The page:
A lot of people make things. Zach Kaplan is a maker.
Scratch that. Zach Kaplan is the maker.
Zach is CEO of Inventables, a Chicago-based 3D carving company he founded in 2002 after selling his software development startup Lever Works to Leo Media in 2001. X-Carve and Carvey, Inventables’ flagship 3D carving machines — along with Easel, their intuitive (and free!) 3D carving software — have made Inventables a key player in the maker movement.
What is the maker movement you ask? It’s pretty much the technology-focused offshoot of DIY culture. The maker movement emphasizes learning through doing, social problem solving, and exploring the interplay of traditionally separate ways of working (e.g. calligraphy and computer programming).
Any entrepreneur worth their salt 3D carving carbon fiber should have at least a cursory understanding of the maker movement because (1) it’s driving tech innovation faster than you can say “polypropylene” and (2) it’s reinvigorating interest in STEM topics for students of all ages.
Back to Zach: starting a company that enables even the most mediocre computer users — think anyone who can’t name three keyboard shortcuts to save their life — to design and manufacture their own products was apparently not enough to satisfy his hunger for helping people connect with their inner maker.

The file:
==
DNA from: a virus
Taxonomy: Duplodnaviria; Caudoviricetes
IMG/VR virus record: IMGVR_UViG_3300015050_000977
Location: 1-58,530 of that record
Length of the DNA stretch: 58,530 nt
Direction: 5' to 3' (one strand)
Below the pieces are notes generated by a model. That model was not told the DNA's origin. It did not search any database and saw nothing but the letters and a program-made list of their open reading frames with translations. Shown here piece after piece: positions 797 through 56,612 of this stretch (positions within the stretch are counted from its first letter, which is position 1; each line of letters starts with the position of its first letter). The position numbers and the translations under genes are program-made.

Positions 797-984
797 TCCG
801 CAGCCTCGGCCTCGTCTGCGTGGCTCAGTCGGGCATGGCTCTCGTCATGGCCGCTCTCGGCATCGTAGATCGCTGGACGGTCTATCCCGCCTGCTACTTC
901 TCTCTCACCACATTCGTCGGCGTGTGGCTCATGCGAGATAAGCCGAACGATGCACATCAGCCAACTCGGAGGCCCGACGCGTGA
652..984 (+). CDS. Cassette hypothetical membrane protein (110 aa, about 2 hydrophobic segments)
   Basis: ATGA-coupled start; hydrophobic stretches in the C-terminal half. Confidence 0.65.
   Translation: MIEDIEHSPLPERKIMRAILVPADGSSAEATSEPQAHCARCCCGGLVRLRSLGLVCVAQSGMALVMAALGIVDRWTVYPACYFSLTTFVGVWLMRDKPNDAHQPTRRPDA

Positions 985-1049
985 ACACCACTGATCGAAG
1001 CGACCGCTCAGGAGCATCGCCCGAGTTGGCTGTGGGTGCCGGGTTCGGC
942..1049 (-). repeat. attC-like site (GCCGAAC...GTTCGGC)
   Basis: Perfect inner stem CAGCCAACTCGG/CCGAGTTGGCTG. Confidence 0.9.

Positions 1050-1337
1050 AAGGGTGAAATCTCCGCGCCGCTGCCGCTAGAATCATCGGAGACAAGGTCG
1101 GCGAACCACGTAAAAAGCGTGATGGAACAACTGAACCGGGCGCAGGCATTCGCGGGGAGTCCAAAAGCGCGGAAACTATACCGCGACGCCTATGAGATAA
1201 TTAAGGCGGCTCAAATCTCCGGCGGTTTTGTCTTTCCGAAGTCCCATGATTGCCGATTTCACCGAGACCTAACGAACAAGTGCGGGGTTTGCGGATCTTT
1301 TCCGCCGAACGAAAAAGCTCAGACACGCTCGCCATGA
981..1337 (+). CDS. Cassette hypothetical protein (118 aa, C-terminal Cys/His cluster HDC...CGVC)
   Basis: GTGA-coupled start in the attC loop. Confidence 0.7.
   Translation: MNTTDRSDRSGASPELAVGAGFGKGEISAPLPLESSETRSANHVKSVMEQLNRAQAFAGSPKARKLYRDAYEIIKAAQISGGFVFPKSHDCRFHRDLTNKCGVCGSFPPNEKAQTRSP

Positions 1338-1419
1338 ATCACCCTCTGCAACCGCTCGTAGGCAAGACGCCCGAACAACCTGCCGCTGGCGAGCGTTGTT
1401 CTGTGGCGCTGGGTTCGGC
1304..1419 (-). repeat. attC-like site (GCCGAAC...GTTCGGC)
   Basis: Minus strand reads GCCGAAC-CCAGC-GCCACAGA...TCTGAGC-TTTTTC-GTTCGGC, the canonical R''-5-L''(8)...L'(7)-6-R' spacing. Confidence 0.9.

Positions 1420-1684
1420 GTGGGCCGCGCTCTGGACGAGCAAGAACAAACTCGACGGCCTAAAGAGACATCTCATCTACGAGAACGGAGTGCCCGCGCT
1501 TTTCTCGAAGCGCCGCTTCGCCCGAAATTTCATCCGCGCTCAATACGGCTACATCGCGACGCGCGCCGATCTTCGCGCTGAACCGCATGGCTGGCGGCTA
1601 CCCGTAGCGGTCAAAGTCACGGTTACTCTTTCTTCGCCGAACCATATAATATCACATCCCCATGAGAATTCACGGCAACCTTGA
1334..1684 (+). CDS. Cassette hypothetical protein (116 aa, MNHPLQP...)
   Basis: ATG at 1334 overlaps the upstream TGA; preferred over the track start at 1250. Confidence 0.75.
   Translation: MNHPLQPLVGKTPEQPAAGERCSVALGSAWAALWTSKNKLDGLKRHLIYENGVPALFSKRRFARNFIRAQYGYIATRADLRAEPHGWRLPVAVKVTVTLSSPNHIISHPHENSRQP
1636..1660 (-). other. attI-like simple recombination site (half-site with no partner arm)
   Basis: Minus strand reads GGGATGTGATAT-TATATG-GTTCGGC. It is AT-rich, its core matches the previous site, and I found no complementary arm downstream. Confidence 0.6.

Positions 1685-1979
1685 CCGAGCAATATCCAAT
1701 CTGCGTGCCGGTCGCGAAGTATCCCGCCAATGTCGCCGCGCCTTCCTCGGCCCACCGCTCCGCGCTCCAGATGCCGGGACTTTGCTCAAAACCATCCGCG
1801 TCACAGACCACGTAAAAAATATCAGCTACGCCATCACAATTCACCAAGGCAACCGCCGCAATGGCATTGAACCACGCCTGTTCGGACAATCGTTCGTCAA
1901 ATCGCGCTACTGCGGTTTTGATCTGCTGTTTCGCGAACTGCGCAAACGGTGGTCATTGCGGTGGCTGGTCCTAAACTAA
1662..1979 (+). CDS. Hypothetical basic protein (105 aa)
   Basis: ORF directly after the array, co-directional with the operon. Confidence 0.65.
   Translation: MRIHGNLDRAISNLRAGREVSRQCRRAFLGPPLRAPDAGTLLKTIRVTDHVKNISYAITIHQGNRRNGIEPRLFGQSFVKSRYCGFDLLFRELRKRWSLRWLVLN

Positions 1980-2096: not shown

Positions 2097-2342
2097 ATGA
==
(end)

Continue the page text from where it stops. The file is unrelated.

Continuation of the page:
And thus Zach co-founded ORD Camp in 2009. ORD Camp is a two day, invite-only “unconference” of 250 hand picked attendees, hosted at Google’s innovation-inducing Chicago location. There are no scheduled speakers at ORD Camp. If an attendee has a talk to give, they simply sign up when they get there.
The ORD Camp waiting list is currently 1,000 strong, so Zach was kind enough to bring some of his favorite ORD Camp wisdom to FIVEinSIXTY.
Zach shares 5 things he’s learned from ORD Camp guests:
1. Create more value than you capture. When too many industry leaders focus on capturing value, innovation stalls.
2. Be persistent. Put in the effort and your accomplishments will surprise you.
3. Be mindful of harassment. It can be happening around you and you might not notice.
4. We’re not alone. A University of Chicago astronomer presented her research predicting we’ll find life on other planets within ten years.